There would be some amount of delay switching from the primary to the secondary. That will be a gap if you are actively writing to the storage during that period of time but then you would pick back up in a period of time — we’ll call it less than five minutes, for example — which is certainly better than being down for the complete duration until the public cloud vendor gets everything back up.
Just remember that not every vendor offers this solution, but it can greatly reduce your overall public cloud storage cost by half. If you don’t need to have twice the storage for a fully high-available system and you can do it all with an object storage in just two compute instances, you’re going to save roughly 50% of what the cost would normally be.
The next area of savings is one that a lot of people don’t necessarily think about when they are thinking about savings in the cloud and that is your network connection and how to optimize that high-speed connection to get your data moved from one point to another.
Traditional ways of filling lots of physical hard drives or storage systems, then putting them on a truck and having that truck drive over to your cloud provider of choice. Then taking those storage devices and physically transferring the data from those storage devices into the cloud or possibly mounting it can be, one, very expensive and filled with lots of hidden costs. Plus, you really do have to recognize that you run the risk of your data getting out of sync between the originating source in your data center and the ultimate cloud destination, all of which can cost you money.
Another option, of course, is I’ll lease some high-speed network connections between my data center or my data source and the cloud provider of your choice. That also could be very expensive. Needing a 1G network connection or a 10G network connection, those are pricy.
Having the data transfer taking longer than it needs to means that you have to keep paying for those leased lines, those high-speed network connections, longer than you would normally want.
The last option which would be transferring your data over slower more noisy error-prone network connections, especially in some parts of the world, is going to take longer due to the quality of your network connection and the inherent nature of the TCP/IP protocol.
If it needs to have a retransmit of that data, sometimes because of those error condition or drops or noise or latency, the process is going to become unreliable.
Sometimes the whole process of data transfer has to start over right from the beginning so all of the previous time is lost and you start from the beginning. All of that can result in a lot of time-consuming effort which is going to wind up costing your business money. All of those factors should also be considered.
The next option I’m going to talk to you about is one that’s interesting. That is, assuming that you can make use of both object storage and block storage and be able to use them together. Creating tiers of storage where you are making use of the high-speed higher performing block storage on one tier and then also using other tiers which would be less performance and less expensive.
If you can have multiple tiers, where your most active data is only contained within the most expensive higher performing tier, then you are able to save money if you can move the data from tier to tier.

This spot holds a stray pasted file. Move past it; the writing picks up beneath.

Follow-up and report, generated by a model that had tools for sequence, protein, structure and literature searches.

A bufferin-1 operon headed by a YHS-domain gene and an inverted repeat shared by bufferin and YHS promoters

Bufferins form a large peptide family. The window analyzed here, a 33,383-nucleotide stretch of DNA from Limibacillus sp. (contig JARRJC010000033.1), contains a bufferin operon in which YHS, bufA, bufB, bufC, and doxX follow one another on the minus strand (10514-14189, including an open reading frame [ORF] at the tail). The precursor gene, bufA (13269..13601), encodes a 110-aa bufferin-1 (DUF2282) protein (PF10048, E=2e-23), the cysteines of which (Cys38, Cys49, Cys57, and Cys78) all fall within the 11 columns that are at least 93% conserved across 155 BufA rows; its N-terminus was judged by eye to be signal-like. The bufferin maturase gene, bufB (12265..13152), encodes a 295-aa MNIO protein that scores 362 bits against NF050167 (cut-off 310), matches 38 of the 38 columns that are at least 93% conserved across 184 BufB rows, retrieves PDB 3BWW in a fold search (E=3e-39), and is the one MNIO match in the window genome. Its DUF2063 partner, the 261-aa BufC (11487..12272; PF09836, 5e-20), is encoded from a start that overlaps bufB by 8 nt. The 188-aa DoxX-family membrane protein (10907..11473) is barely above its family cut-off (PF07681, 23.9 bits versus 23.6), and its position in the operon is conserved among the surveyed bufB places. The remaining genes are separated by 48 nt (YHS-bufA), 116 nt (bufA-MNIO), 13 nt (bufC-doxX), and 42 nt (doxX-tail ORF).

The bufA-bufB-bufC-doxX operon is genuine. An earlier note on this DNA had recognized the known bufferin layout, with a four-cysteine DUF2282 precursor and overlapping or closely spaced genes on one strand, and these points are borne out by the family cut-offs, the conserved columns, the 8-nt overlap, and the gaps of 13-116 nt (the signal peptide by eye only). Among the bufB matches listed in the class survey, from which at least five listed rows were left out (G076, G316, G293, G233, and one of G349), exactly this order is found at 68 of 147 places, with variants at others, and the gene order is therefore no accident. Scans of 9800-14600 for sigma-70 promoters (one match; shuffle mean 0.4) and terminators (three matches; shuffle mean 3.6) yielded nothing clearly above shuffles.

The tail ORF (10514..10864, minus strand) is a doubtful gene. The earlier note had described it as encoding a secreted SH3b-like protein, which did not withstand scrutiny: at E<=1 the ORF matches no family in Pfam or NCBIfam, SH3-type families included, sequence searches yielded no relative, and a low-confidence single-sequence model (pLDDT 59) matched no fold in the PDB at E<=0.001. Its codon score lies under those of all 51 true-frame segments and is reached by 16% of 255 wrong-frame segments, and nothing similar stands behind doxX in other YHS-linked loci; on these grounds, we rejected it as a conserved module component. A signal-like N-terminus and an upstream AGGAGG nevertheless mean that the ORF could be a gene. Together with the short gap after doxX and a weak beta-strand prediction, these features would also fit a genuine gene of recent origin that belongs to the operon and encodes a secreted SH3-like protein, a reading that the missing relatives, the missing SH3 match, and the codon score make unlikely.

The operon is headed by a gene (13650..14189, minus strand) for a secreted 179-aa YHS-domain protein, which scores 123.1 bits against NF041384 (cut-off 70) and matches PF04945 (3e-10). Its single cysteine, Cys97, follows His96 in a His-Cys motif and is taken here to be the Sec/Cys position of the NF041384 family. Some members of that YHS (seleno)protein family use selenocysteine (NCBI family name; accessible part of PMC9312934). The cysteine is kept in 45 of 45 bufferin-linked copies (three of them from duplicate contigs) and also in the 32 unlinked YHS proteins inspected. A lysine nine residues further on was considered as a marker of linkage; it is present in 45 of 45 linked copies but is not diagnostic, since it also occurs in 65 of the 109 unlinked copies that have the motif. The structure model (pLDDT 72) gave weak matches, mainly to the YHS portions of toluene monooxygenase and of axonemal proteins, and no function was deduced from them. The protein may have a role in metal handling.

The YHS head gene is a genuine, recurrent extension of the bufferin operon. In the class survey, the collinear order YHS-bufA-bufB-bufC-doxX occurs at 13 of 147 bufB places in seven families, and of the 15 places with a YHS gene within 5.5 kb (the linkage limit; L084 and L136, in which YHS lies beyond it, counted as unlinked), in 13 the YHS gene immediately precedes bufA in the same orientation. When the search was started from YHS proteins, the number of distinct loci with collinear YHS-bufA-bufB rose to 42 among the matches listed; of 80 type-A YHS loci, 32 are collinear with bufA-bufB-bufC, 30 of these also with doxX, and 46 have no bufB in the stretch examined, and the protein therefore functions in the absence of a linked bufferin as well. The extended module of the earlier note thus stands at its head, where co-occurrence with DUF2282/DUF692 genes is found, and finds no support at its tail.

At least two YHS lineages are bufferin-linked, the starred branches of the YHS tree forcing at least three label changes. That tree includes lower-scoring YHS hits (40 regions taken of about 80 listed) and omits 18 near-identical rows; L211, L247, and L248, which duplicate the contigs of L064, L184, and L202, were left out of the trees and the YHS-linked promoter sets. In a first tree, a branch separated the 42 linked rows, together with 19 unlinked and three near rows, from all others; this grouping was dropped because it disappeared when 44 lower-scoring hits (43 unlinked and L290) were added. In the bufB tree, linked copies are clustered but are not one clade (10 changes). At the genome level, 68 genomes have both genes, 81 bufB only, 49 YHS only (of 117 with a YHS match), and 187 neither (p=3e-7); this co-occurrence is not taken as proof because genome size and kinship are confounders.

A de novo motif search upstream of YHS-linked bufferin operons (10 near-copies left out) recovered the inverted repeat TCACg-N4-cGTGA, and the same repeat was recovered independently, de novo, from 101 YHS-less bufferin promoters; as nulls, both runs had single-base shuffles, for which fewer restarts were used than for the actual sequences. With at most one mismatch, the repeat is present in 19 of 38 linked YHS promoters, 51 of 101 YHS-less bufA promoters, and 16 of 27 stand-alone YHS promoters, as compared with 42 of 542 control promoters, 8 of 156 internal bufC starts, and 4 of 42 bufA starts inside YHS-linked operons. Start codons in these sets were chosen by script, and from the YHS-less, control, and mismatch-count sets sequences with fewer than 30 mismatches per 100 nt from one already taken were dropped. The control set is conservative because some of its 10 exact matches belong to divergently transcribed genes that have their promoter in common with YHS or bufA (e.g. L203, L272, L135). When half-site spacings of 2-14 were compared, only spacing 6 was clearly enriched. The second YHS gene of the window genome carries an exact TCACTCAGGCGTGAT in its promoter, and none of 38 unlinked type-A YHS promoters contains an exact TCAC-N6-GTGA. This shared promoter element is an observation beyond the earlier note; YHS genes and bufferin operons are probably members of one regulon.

A lot of solutions out in the market today are doing this via a manual process. Meaning that a person, typically somebody in IT, would be looking at the age of the data and moving it from one storage type to another storage type, to another storage type.
If you have the ability to create aging policies that can move the data from one tier to another tier, to another tier and back again, as it’s being requested, that can also save you considerable money in two ways.
One way is, of course, you’re only storing and using the data on the tier of storage that is appropriate at the given time, so you’re saving money on your cloud storage. Also, if it could be automated, you’re saving money on the labor that would have to manually move the data from one tier to another tier. It can all be policy-driven so you’ll save money on the labor for that.
These are all areas in which you should consider looking at to help reduce your overall public cloud storage expense.
I’m going to transition, here now, to what SoftNAS can offer in helping you save money in the public cloud. We are going to address all of the same areas that we talked about before plus a little bit more besides.
The first one that we had started with before was compression. SoftNAS cloud contains a compression utility – it’s built into the product, it’s no extra charge, it’s just one of our features.
SoftNAS utilizes LZ4 lossless data compression algorithm that’s focused on compression and decompression speeds so they are optimized for speeds.
Of course, your storage space savings is going to be dependent on data type. However, on average, your savings will fall somewhere between 2X and 90X of space savings. Yes, that’s quite a range.
If you look at the table that I have off to the right, just as some examples, you can see the percent range for some common file types. You can see that, for example, a text file can go from 0% all the way up to 99% space savings with an average space savings of about 73%.